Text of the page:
• The situation with commuting times and the distances from the existing buildings can be improved with further urban planning and some intervention of the state or local government to ensure proper public transportation availability: Reducing traffic by promoting walking and cycling, eliminating polluting vehicles with limited access zones, decreasing unnecessary road building and reclaiming space for public parks, pedestrians and cyclists.
  • Sustainable cities must think about reusing spaces, and getting the most out of the space available. This not only guarantees the preservation of natural areas, but it also reduces the need for inhabitants to move long distances.
  • Orientation is yet another important factor to take into account. Getting the most out of sunlight, increasing natural lights in the building, as well as increasing natural heating are measures that can yield great results if taken by a large number of buildings.

3. Adopting renewable and high-efficiency energy sources is yet another big step towards sustainability, and one that can be taken by existing buildings. Reduce lighting loads by choosing energy efficient light bulbs ; install wind-turbines, solar panels (photovoltaic – PV), micro-hydro systems, geothermal energy or biomass among other sources of renewable energy, to make a building more sustainable by reducing the need for energy.

4. Reduce cooling/heating through climate-responsive design and energy conservation measures, using energy efficient HVAC equipment and systems.

New techniques have been developed to help a building to slow the movement of heat inside, which in turn can help to naturally cool or warm a building, using high-performance building envelopes. The most used technique is long-term insulation, as thermal insulation, and this can be applied even in existing buildings.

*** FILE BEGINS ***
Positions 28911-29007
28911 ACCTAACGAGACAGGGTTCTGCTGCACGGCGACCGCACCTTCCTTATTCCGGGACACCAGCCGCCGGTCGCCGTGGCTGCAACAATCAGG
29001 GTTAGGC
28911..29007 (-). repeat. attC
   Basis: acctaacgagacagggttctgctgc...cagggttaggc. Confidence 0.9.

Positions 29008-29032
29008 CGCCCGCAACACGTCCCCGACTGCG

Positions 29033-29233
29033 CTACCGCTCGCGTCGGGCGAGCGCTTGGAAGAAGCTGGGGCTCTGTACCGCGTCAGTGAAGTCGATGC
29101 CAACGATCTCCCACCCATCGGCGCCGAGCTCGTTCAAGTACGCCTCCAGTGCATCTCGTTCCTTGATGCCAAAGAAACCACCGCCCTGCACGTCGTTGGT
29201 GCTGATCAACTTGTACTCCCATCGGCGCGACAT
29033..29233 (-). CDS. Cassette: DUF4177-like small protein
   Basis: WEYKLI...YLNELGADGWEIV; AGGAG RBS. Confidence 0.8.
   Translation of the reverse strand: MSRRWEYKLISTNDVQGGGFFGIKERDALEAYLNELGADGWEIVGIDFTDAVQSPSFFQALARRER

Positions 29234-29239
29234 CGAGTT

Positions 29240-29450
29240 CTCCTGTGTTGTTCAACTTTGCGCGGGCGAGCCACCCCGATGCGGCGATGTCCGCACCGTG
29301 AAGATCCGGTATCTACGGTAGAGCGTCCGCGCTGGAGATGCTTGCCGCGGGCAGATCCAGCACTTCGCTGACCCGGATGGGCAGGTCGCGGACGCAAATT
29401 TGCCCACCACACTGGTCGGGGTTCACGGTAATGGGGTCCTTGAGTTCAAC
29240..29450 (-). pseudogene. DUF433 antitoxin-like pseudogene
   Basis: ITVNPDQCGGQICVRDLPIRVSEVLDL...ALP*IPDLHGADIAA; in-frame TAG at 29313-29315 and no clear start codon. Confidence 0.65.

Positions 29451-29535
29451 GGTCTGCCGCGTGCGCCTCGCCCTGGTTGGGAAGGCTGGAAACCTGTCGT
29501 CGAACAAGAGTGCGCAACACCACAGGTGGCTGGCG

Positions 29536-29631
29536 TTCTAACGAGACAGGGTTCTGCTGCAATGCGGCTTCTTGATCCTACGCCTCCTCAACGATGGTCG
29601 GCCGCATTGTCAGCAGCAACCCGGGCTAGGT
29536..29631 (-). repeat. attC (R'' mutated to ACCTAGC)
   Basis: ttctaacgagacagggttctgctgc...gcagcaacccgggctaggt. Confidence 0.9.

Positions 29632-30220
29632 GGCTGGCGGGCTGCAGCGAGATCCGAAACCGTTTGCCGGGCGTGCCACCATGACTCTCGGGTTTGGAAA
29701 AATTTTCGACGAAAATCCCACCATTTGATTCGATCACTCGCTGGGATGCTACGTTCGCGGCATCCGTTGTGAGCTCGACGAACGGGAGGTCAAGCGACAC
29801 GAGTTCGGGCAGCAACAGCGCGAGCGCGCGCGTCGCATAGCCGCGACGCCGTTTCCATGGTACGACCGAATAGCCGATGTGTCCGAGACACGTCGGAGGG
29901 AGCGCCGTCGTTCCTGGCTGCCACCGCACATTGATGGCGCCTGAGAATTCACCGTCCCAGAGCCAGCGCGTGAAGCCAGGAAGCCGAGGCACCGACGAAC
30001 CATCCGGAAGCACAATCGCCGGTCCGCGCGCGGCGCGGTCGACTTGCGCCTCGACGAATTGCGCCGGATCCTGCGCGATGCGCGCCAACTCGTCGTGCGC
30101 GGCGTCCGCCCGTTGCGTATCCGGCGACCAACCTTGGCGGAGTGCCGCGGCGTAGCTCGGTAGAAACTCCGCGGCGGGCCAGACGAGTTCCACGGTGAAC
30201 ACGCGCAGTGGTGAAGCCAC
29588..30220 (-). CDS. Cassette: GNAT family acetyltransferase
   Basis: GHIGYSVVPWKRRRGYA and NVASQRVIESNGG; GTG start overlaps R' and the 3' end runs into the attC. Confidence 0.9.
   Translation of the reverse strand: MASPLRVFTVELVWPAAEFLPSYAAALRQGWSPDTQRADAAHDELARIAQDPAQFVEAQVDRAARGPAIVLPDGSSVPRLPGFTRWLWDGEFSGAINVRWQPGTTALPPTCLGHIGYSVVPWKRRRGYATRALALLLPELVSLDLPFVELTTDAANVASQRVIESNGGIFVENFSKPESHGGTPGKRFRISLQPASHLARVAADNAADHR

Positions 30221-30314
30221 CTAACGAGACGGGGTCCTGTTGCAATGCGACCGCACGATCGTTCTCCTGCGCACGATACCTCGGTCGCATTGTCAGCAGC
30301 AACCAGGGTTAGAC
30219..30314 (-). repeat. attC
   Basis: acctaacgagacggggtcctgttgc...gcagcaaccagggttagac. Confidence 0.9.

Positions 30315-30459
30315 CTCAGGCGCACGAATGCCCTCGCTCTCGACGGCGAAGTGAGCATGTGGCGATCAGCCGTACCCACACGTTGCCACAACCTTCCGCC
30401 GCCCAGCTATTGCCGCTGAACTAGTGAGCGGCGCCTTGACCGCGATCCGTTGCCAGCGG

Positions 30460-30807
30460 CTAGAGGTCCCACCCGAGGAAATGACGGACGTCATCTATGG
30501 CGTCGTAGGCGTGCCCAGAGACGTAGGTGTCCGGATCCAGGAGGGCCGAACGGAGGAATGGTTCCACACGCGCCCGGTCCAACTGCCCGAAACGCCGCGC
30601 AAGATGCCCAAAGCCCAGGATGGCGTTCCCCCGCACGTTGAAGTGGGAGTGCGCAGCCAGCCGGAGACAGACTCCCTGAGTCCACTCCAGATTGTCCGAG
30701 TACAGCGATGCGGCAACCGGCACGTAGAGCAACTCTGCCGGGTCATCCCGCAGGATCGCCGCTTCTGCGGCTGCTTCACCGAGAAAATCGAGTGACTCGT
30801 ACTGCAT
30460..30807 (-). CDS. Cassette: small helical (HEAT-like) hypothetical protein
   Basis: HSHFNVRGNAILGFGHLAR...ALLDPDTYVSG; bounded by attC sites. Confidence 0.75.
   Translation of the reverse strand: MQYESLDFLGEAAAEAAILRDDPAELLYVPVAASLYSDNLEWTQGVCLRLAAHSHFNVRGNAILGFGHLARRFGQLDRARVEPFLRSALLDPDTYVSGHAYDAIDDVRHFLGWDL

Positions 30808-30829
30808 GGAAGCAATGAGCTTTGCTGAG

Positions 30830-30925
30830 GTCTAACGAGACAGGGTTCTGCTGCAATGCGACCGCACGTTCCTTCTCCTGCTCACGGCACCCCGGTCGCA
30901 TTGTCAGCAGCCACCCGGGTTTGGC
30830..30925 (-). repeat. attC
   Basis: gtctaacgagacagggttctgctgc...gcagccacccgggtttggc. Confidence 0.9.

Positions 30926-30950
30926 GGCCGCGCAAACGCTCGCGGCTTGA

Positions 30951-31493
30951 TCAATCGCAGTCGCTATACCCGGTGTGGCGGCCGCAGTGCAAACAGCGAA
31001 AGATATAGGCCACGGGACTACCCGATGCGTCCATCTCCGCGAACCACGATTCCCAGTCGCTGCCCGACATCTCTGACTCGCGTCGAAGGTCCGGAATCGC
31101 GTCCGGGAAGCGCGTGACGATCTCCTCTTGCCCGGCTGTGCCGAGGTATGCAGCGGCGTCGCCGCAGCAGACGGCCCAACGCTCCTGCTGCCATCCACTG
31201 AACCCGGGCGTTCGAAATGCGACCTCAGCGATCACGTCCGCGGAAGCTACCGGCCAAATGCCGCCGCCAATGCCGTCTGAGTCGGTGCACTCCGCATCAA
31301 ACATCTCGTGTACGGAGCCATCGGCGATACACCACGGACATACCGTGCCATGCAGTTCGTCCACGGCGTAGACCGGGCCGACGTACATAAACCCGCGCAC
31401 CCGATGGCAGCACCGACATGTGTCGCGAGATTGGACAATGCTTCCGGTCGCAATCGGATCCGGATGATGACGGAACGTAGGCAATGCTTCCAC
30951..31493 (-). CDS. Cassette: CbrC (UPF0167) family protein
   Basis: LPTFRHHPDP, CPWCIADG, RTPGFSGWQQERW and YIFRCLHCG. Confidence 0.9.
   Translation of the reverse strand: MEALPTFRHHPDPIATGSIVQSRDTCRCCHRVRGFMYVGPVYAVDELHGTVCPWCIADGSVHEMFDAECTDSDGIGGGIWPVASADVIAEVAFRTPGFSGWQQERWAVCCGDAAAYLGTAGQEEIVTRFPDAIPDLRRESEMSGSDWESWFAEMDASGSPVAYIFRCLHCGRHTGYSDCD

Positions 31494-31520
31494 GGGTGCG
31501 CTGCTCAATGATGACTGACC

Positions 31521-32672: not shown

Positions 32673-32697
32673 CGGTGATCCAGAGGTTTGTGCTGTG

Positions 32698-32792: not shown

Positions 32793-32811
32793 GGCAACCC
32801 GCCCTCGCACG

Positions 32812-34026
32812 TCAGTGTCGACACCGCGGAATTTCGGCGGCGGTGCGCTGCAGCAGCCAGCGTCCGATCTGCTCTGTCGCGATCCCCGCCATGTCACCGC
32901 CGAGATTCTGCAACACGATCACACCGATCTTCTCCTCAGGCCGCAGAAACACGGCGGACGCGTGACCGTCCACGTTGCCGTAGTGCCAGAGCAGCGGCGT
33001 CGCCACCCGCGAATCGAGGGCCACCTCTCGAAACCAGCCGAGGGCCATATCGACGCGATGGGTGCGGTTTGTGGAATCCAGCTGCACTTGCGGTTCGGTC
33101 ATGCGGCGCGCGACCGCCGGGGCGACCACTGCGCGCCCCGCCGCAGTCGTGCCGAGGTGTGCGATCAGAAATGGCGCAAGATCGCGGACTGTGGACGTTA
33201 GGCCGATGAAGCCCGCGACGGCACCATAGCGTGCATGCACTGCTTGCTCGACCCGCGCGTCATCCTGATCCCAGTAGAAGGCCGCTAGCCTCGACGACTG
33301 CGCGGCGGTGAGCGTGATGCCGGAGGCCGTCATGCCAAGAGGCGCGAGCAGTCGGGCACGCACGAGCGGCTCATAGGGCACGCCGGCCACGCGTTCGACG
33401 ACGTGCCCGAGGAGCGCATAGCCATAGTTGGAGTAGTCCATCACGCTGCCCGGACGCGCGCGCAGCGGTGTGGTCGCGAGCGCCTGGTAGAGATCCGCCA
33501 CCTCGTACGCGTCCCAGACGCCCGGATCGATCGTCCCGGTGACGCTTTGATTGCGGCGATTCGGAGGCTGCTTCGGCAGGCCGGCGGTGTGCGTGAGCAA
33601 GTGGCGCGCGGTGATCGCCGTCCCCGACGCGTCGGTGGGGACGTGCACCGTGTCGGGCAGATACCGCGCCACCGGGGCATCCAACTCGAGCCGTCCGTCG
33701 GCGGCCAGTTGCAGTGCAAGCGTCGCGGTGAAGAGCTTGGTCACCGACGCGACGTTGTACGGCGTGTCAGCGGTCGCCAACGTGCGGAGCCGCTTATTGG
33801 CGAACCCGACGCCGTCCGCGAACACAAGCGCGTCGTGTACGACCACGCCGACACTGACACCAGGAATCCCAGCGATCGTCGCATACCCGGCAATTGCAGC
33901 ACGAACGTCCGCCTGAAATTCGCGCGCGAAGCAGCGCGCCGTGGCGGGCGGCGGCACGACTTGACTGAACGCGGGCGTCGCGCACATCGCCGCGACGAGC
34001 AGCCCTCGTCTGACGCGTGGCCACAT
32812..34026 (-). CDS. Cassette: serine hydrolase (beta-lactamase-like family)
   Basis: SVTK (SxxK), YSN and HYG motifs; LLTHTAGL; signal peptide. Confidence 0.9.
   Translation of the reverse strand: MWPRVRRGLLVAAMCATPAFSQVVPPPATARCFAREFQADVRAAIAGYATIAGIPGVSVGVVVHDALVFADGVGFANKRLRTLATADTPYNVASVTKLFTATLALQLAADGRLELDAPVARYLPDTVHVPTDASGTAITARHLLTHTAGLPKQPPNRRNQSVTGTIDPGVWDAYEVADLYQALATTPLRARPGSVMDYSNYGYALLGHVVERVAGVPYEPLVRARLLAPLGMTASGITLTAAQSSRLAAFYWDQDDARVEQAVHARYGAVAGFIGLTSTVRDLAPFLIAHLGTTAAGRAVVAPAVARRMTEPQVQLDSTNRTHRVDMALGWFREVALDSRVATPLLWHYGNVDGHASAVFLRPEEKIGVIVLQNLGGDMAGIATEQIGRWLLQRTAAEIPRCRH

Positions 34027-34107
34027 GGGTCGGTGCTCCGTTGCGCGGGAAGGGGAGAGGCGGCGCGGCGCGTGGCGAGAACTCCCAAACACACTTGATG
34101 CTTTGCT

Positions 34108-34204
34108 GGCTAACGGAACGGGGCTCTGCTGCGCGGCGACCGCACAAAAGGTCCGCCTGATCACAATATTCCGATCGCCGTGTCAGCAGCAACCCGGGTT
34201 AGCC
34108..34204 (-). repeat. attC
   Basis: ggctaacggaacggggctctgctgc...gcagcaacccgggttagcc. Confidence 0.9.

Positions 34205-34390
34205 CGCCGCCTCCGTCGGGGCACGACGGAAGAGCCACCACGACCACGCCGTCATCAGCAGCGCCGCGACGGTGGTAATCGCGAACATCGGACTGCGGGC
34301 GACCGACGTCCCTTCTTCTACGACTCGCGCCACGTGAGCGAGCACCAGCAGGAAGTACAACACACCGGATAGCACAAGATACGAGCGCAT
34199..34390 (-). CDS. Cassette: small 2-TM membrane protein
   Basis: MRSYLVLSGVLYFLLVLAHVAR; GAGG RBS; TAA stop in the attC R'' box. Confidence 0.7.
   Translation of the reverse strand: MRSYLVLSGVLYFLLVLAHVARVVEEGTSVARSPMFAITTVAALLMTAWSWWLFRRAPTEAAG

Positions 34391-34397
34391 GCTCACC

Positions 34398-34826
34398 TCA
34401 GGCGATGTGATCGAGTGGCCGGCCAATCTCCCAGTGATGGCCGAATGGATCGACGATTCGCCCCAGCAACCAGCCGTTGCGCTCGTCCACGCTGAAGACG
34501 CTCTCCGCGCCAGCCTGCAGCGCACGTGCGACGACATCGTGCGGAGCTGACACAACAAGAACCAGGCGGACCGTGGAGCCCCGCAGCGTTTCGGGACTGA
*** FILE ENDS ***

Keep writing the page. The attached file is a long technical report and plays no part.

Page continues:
5. Integrate landscape design that provides trees for summer, appropriate planting for wind, and attractive outdoor spaces so that occupants want to spend more time outdoors, thereby reducing the occupants’ driven additional heat load to the building.

6. Other resources such as waste management, water retention and planting green rooftops are also fundamental to contribute to urban sustainability. For example, increasing the impermeable surfaces in cities, with an appropriate and more efficient collection and drainage of rainwater can get positive results.

Energy Efficiency in buildings beyond the physical optimisations

The ways we consume energy, and how we can make our consumption of it more efficient are very varied, and depend upon a great variety of factors, such as where we live, the price of electricity and other services, our health conditions; among many others.

We have explored several ways new and existing buildings can improve their consumption of energy by using alternatives as well as taking the most out of natural and outside conditions. However, there’s one factor that remains the most important: Ourselves

No energy efficiency or sustainable urban planning can be optimal enough if we, as inhabitants and occupants of buildings, don’t understand the situation, and how we can collaborate through the adoption and development of more sustainable and healthy habits.

Check out our Webinar Recording about the Human Factor in Energy Efficiency:

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In this sense, it is more important than ever to learn how to effectively communicate the needs of the environment, and how we can reduce our negative impact to it, in a way that can get to more people without using an intimidating speech, or trying to convey a message by negative reinforcement.

There is a long list of habits that we can start developing right now that, if adopted by everybody, can really reduce the use of energy, optimise the consumption of natural resources, and even generate positive, long-lasting effects to help us reach a friendlier and sustainable tomorrow.